If they occur, power cuts will not have the same consequences for everyone. If for the greatest number it will end with an evening spent by candlelight, for others, having no power becomes a question of survival. And there, the “scenarios of fear” castigated by Emmanuel Macron could become a reality.
From his home in Tarn, where he has been bedridden for several years by Charcot’s disease, Guilhem Gallart, aka Pone of the Fonky Family, decided to call Enedis and the authorities. In a message on his Facebook page, the music producer recalls that when he was released from the hospital, the manager of the electricity distribution network had “certified to him that they would never cut my electricity voluntarily”, he comments.
Like him, thousands of other patients in France are on respirators, “a vital device connected to the electrical network”. But beyond the respirators, which are equipped with batteries just in case, some are also connected to tracheal aspirators, mucus aspirators, which are just as vital, but which only work with electric current.
Install generators or don’t cut
In the Gaillac sector, where he lives, around thirty like him are registered with Enedis as people with vital priority. “What Enedis officially says is that if we don’t have enough to protect us from a power cut, in other words a generator, we will be evacuated to a hospital for the two hours of the cut”, explains he. But now, Pone has done a little calculation and the deal on D-Day may be a little more complex than a simple transfer to the health establishment.
“To transport me to the hospital, you need a full Samu team with its truck, and four firefighters. Transport by “normal” ambulance is not possible because they are not equipped with electrical outlets and there is no doctor. There are two Samu trucks in my area, to repatriate 30 people, which represents at the very least 30 hours of transport for a cost that flirts with 100,000 euros for the community. Let’s assume that our dear doctors, nurses and stretcher bearers from the Samu perform this miracle, (and that they are not already in intervention) the patients will have to be admitted to an intensive care unit or continuous care, but my sector has 22 intensive care beds and 20 of continuous care, no need to draw a picture of the congestion that this will create, ”notes Guilhem Gallart.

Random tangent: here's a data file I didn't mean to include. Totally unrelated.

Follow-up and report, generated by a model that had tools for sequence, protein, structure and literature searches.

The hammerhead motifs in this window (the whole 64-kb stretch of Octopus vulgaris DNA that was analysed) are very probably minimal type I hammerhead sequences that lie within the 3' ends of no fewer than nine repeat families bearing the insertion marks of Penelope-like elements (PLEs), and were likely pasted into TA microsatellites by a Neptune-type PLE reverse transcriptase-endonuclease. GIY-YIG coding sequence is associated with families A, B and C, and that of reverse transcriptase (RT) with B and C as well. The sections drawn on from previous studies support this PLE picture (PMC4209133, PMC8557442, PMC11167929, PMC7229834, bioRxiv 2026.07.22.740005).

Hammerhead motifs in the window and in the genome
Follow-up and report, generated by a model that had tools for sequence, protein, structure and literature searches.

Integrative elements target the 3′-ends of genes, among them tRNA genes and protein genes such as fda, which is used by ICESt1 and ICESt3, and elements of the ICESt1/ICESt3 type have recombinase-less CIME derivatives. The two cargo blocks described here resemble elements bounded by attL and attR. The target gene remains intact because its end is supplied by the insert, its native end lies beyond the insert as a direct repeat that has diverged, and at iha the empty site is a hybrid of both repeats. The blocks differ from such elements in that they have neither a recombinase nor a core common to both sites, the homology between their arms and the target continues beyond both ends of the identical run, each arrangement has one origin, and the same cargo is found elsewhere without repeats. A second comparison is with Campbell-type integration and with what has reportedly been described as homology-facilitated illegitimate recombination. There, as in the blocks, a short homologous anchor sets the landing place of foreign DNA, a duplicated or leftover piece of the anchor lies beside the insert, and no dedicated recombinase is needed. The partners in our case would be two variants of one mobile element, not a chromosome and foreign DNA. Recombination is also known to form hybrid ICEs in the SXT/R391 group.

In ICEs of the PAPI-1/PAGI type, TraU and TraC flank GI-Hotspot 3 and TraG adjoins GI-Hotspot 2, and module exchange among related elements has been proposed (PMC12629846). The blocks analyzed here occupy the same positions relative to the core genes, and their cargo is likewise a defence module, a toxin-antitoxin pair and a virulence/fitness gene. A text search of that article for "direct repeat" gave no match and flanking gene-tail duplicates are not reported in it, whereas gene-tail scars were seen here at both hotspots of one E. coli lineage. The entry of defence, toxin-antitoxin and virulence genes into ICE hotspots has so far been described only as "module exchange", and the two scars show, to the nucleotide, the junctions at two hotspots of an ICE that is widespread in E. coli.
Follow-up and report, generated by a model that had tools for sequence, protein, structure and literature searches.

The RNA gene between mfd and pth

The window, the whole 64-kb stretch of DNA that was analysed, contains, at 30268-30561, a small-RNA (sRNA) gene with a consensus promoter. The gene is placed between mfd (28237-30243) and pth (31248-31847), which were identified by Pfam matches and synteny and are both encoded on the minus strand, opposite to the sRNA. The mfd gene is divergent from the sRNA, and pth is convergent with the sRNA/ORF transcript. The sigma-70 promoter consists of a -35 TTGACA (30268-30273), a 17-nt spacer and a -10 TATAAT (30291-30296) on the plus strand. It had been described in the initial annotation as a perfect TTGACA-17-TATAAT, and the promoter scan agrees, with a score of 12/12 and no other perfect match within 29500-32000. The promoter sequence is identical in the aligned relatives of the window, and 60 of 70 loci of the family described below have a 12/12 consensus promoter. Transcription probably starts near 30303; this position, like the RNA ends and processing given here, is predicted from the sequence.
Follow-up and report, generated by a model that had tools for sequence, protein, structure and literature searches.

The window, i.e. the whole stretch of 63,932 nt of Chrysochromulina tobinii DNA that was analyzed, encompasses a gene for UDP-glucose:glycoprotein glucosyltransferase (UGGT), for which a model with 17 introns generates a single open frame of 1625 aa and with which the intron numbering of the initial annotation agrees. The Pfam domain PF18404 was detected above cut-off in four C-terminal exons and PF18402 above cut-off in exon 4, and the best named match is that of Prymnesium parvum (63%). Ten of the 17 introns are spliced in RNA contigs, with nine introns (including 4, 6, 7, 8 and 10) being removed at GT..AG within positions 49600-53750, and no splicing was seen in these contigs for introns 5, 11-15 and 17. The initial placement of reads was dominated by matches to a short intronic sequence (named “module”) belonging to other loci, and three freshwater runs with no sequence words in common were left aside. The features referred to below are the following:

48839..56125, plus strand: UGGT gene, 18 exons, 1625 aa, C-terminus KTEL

There is therefore something simpler, according to him, than this move. He therefore decided to challenge the authorities and Enedis to ask them “either to install generators for the time of the cuts, or not to cut off the electricity, our life depends on it”.
This disaster scenario, he should not have to suffer it because he has a generator at home. “But I’m not doing this for me,” says 20 minutes the member of the Fonky Family who thinks of the thousands of people whose life hangs “by an electric thread”.